Deacons in US Defy Trend of Fewer Vocations

Number of Permanent Deacons Continues to Grow

deacons vocations

Permanent deacons in the United States missed the trend of fewer vocations.

Frankly, this unique group of men is vastly out-of-step with the times – at least the times as defined by those who fear a dying Church.

It is easy to find something to be fearful about in the Catholic Church in the US.  A visit to the Center for Applied Research in the Apostolate – where you can find every statistic about the Church that exists – reveals some rather depressing trend lines; look at s few numbers from 1975 vs. 2020:

  • Total Priests:
    • 1975: 58.909
    • 2020: 35,513
  • Religious Sisters:
    • 1975: 135,225
    • 2020: 41,357
  • Religious Brothers:
    • 1975: 8,625
    • 2020: 3,801
National Association of Diaconate Directors

Look over the statistics and you will find over the same period a significant reduction in the number of parishes, Catholic schools at all levels, and students enrolled in religious education.

However, there are two vital areas where the numbers are headed in the opposite direction. The first is the total number of people who profess to be Catholic, rising from 47.9 million to 67.7 million in 2020. (These are numbers for Catholics connected to a parish; numbers are slightly higher for self-identified Catholics.) Clearly, immigration – particularly from Latin America – has been a key factor in the increase.

The second area that shows remarkable growth is the number of permanent deacons. In 1975 the US had 898 permanent deacons. In 2020, the number had skyrocketed to 18,036

That means that these men – ordained to serve the Church in varied capacities – can shoulder much of the work that otherwise would be borne by a lower population of priests.

So, what is a deacon and what does he do? (Yes, a deacon must be a man; yes, unlike priests, a deacon may be married. They come in all shapes and sizes and a vast range of ages and ethnic backgrounds.)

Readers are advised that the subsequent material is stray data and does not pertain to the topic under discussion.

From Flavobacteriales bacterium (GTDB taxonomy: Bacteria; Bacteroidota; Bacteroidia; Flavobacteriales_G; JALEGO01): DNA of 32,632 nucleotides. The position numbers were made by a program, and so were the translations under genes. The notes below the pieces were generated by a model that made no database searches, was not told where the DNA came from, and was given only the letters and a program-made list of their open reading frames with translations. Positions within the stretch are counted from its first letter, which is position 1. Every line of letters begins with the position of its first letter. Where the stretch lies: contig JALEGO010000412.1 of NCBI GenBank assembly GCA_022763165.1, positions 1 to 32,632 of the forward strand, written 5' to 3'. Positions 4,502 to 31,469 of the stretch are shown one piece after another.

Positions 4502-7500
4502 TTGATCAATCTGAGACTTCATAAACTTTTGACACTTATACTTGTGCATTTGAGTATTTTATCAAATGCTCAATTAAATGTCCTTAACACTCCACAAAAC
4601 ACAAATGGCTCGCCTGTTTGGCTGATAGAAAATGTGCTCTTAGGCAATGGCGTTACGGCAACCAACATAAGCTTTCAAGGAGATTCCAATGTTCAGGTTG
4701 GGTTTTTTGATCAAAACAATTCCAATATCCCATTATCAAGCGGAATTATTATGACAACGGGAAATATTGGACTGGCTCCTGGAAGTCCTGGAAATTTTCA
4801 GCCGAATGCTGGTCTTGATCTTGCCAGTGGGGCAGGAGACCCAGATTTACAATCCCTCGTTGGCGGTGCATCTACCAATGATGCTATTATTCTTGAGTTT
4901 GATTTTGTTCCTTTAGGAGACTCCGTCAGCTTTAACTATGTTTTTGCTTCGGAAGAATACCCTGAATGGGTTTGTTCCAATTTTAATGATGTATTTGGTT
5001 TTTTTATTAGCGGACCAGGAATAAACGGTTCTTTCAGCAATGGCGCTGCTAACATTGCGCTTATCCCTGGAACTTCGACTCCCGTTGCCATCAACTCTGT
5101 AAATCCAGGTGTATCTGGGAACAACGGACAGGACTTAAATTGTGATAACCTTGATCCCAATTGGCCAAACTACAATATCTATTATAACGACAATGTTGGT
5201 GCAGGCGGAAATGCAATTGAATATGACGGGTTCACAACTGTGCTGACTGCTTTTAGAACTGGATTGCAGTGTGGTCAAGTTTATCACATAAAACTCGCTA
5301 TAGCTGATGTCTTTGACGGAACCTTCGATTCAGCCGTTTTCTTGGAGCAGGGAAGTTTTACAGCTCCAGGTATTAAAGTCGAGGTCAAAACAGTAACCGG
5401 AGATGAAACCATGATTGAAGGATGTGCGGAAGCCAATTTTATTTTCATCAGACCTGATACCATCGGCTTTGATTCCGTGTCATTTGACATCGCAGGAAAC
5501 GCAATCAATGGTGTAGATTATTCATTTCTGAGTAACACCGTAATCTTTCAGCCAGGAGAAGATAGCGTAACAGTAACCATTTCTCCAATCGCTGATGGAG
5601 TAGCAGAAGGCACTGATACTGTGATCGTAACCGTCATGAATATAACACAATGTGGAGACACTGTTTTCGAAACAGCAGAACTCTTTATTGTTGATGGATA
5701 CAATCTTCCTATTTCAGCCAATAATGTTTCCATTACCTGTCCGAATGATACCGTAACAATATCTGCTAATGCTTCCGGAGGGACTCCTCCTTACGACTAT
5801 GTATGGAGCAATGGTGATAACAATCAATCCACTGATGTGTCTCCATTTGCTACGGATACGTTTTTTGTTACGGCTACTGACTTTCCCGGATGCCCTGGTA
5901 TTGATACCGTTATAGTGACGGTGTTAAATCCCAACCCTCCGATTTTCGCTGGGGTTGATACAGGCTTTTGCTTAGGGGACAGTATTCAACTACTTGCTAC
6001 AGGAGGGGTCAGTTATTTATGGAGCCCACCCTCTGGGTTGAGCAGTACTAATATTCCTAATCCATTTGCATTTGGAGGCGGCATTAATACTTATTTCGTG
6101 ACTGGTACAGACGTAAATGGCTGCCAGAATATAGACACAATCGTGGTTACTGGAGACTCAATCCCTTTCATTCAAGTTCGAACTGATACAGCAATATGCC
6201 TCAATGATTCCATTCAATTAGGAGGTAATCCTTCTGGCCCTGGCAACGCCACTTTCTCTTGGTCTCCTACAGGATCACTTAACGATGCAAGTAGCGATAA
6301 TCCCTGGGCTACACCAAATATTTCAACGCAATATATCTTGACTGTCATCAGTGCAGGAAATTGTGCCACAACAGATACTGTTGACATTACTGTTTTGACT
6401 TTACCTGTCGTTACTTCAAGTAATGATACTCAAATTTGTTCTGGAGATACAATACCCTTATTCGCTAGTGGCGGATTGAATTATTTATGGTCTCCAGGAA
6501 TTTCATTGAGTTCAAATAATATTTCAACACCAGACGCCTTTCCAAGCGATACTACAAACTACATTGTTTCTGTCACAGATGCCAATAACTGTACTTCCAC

We can start with a simple explanation provided by the United States Conference of Catholic Bishops (USCCB):

In the Catholic Church, the diaconate is the first of three ranks in ordained ministry. Deacons preparing for the priesthood are transitional deacons. Those not planning to be ordained priests are permanent deacons. 

The USCCB Secretariat of Clergy, Consecrated Life and Vocations supports the activities of the bishops in promoting the needs and concerns of those in diaconal ministry. It also assists in coordinating the development of diaconal formation programs on the diocesan and national levels. The Secretariat also provides services and liaison support to national organizations and directors of diocesan diaconate offices.

deacons vocations
National Association of Diaconate Directors

A helpful place to discover more about deacons is the website of the National Association of Diaconate Directors (NADD). This organization has myriad programs and materials to help men to determine if they have a vocation to the diaconate, as well as ongoing training and support for deacons and their families. As you might expect, this organization has a serious view of the role of a Deacon:

Deacons are ministers ordained to serve the People of God through Word, Liturgy, and Charity on behalf of the Bishop. The title deacon comes from the Greek word for service: diaconia. Through reception of the sacrament of Holy Orders by a Bishop, deacons are configured to Jesus the Servant who “did not come to be served but to serve” (Mark 10:45). Diaconal ordination “goes beyond a simple election, designation, delegation, or institution by the community, for it confers a gift of the Holy Spirit that permits the exercise of a ‘sacred power.’ The laying on of hands by the bishop, with the consecratory prayer, constitutes the visible sign of this ordination” (Catechism of the Catholic Church — CCC 1538).